Lana Condor takes titular voice role in 'Ruby Gillman, Teenage Kraken'
It’s krakens vs. mermaids in DreamWorks’ latest action-adventure and coming-of-age animated film Ruby Gillman, Teenage Kraken starring a stellar voice cast that includes Lana Condor, known for To All The Boys I’ve Loved Before franchise, in the titular character, along with Oscar® nominee Toni Collette (as Ruby’s mom), Academy Award® winner Jane Fonda (as Ruby’s grandmother) and Emmy winner Annie Murphy as Chelsea. The movie also stars an extraordinary supporting cast that includes Emmy winner Colman Domingo (Fear the Walking Dead) as Ruby’s supportive dad, Emmy nominee Sam Richardson (Veep) as Ruby’s enthusiastic uncle and Blue Chapman (Council of Dads) as Ruby’s cool little brother.
Directed by Academy Award® nominated filmmaker Kirk DeMicco (The Croods), Ruby Gillman, Teenage Kraken is a sweet, awkward 16-year-old who is desperate to fit in at Oceanside High, but she mostly just feels invisible. She’s math-tutoring her skater-boy crush (Jaboukie Young-White from Ralph Breaks the Internet), who only seems to admire her for her fractals, and she’s prevented from hanging out with the cool kids at the beach because her over-protective supermom and has forbade Ruby from ever getting in the water. But when she breaks her mom’s #1 rule, Ruby will discover that she is a direct descendant of the warrior kraken queen and is destined to inherit the throne from her commanding grandmother, the Warrior Queen of the Seven Seas.
The krakens are sworn to protect the oceans of the world against the vain, power-hungry mermaids who have been battling with the kraken for eons. There’s one major, and immediate, problem with that: The school’s beautiful, popular new girl, Chelsea just happens to be a mermaid. Ruby will ultimately need to embrace who she is and go big to protect those she loves most.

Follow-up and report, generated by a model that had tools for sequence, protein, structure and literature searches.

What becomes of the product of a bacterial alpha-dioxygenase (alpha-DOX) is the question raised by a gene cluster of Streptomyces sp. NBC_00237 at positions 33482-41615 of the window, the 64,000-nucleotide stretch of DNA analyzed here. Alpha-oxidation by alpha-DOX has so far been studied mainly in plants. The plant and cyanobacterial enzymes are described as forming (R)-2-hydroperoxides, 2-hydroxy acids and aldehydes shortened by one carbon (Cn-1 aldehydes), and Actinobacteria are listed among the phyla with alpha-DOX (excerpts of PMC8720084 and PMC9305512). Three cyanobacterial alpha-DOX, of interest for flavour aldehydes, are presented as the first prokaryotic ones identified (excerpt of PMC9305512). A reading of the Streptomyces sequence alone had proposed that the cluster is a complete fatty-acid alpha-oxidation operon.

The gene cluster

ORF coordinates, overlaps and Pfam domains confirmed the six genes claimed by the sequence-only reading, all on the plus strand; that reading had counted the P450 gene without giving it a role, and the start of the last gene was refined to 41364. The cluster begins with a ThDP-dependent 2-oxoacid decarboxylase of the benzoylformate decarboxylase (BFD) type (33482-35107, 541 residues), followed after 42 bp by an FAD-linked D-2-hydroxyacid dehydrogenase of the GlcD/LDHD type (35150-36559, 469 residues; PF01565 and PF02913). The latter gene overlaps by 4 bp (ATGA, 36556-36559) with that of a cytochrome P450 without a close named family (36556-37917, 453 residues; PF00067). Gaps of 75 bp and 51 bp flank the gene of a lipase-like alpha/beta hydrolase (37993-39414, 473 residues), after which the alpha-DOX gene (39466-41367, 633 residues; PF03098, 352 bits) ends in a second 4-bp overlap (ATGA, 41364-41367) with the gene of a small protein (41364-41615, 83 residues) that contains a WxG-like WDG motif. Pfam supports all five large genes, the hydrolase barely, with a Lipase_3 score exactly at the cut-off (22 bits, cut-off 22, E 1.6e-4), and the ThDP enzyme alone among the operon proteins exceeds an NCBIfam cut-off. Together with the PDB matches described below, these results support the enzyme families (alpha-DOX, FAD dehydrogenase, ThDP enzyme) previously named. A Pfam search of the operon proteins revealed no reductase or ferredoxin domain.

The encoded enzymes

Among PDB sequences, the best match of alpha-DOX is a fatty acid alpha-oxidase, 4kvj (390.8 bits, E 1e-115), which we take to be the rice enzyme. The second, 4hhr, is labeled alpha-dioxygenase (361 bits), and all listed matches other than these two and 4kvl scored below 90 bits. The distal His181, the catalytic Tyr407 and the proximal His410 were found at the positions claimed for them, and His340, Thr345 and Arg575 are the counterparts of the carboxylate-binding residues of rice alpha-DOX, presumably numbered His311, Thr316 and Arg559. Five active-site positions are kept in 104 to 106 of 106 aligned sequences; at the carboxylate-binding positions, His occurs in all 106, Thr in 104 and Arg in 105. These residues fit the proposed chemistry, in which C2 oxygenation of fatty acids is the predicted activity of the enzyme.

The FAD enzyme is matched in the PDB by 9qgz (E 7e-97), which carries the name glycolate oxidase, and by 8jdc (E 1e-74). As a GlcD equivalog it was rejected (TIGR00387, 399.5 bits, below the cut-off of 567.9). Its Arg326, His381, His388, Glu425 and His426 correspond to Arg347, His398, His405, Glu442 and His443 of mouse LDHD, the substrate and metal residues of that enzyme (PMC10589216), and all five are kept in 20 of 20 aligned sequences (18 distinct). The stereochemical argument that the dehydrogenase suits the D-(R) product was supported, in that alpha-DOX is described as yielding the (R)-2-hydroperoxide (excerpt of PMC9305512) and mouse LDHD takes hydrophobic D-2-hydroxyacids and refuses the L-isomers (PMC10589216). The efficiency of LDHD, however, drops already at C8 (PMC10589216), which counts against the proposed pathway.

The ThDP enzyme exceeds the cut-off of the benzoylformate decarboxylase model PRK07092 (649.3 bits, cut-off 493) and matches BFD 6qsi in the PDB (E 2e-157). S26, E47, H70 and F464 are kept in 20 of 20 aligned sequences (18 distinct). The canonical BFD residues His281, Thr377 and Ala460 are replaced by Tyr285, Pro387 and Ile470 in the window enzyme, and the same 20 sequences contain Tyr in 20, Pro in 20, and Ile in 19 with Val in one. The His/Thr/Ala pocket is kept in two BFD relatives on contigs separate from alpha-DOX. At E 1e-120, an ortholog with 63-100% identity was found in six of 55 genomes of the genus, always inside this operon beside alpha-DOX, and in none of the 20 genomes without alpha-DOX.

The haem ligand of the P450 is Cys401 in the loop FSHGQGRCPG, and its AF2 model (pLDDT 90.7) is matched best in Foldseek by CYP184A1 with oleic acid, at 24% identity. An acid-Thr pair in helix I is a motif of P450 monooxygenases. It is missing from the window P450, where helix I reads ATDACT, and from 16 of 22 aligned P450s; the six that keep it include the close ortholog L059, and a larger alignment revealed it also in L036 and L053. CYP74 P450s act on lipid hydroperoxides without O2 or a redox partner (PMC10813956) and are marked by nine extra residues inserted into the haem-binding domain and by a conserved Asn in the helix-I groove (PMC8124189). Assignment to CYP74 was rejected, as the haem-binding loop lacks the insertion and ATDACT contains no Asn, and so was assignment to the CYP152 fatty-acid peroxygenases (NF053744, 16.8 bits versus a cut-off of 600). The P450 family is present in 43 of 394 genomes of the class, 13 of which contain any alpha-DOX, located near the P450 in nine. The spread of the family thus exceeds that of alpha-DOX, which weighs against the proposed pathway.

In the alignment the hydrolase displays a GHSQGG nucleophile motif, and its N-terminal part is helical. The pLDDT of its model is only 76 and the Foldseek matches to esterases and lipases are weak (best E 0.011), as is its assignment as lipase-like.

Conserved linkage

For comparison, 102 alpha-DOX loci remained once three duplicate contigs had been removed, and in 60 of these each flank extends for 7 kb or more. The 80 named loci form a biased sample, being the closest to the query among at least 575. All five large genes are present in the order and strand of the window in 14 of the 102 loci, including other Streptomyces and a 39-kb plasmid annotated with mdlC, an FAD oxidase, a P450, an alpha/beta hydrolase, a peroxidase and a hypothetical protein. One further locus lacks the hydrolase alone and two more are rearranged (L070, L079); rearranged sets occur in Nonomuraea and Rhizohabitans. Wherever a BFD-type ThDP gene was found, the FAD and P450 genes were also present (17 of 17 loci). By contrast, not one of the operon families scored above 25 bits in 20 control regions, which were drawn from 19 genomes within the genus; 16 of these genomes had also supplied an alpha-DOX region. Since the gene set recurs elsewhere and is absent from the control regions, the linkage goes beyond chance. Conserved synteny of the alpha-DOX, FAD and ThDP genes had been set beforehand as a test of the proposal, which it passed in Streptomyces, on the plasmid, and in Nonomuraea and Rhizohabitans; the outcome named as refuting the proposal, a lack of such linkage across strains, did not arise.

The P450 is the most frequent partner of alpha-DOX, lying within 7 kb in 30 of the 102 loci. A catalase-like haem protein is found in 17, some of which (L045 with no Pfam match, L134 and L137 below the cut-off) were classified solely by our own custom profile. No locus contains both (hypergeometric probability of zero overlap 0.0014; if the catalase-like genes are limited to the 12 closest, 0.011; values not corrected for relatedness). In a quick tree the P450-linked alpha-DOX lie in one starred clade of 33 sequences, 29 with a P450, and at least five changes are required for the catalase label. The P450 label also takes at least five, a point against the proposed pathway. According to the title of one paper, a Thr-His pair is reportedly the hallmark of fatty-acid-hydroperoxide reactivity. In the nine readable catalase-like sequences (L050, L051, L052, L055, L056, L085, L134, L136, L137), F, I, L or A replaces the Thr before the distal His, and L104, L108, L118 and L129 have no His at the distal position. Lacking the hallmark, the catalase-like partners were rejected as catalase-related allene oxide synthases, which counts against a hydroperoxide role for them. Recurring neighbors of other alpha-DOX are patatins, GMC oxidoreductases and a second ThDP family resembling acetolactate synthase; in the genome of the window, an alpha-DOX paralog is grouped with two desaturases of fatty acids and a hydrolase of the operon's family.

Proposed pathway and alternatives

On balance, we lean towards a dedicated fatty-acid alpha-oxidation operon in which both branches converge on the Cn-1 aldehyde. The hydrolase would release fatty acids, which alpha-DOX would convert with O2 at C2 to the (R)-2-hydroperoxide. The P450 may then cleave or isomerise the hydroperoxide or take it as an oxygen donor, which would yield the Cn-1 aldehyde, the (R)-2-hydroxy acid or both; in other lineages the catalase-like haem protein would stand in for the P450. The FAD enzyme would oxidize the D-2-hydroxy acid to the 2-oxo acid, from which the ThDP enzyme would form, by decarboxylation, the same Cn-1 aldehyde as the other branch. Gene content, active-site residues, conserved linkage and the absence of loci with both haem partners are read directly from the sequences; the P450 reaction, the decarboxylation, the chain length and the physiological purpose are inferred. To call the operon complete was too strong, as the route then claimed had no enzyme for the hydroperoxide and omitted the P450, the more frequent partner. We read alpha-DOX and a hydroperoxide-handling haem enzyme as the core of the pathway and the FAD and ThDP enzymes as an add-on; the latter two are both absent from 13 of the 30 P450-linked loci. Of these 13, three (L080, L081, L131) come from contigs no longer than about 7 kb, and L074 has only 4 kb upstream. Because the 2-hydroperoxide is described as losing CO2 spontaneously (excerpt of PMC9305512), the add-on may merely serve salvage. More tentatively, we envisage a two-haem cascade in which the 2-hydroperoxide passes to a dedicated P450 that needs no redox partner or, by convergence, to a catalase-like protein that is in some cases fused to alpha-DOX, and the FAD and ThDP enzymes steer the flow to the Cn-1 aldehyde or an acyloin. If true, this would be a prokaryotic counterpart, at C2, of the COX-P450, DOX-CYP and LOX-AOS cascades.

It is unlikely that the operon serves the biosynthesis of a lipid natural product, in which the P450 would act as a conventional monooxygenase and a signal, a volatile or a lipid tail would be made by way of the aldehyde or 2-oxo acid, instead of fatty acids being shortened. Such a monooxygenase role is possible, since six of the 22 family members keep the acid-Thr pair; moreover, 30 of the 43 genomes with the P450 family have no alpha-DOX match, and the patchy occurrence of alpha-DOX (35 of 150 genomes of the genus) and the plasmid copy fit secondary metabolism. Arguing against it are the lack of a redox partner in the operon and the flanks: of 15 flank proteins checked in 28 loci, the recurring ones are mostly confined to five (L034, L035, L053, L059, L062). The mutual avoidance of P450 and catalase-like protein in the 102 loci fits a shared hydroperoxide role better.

“As a filmmaker, I’ve always been interested in subverting expectations in my storytelling,” DeMicco says. “When it came to Ruby Gillman, Teenage Kraken, one of the things that excited me most was the opportunity to do just that with the mythology of the krakens and mermaids. Traditionally, the kraken has been portrayed as a monstrous creature, something to be feared and avoided at all costs. But in this film, we wanted to explore the idea of krakens as powerful and benevolent protectors of the sea. Similarly, we wanted to take the traditional image of mermaids and turn it on its head, creating a more complex and nuanced mythology that challenged audience expectations.”
The result is a visually stunning, emotionally resonant—and very funny—aquatic coming-of-age tale about a girl searching for a sense of belonging in the world and learning more than she could have ever imagined. “DreamWorks Animation has a long, comic tradition of subverting the hero’s journey, whether it’s an ogre who saves a princess, a panda that becomes a warrior, or a progressive Viking teen and his injured dragon who change the course of their community,” says DreamWorks Animation President Margie Cohn. “Ruby Gillman represents a new chapter to that tradition: a teen girl with unexpected and extraordinary powers.”
A DreamWorks film and Universal Pictures presentation, Ruby Gillman, Teenage Kraken swims in Philippine cinemas on June 28.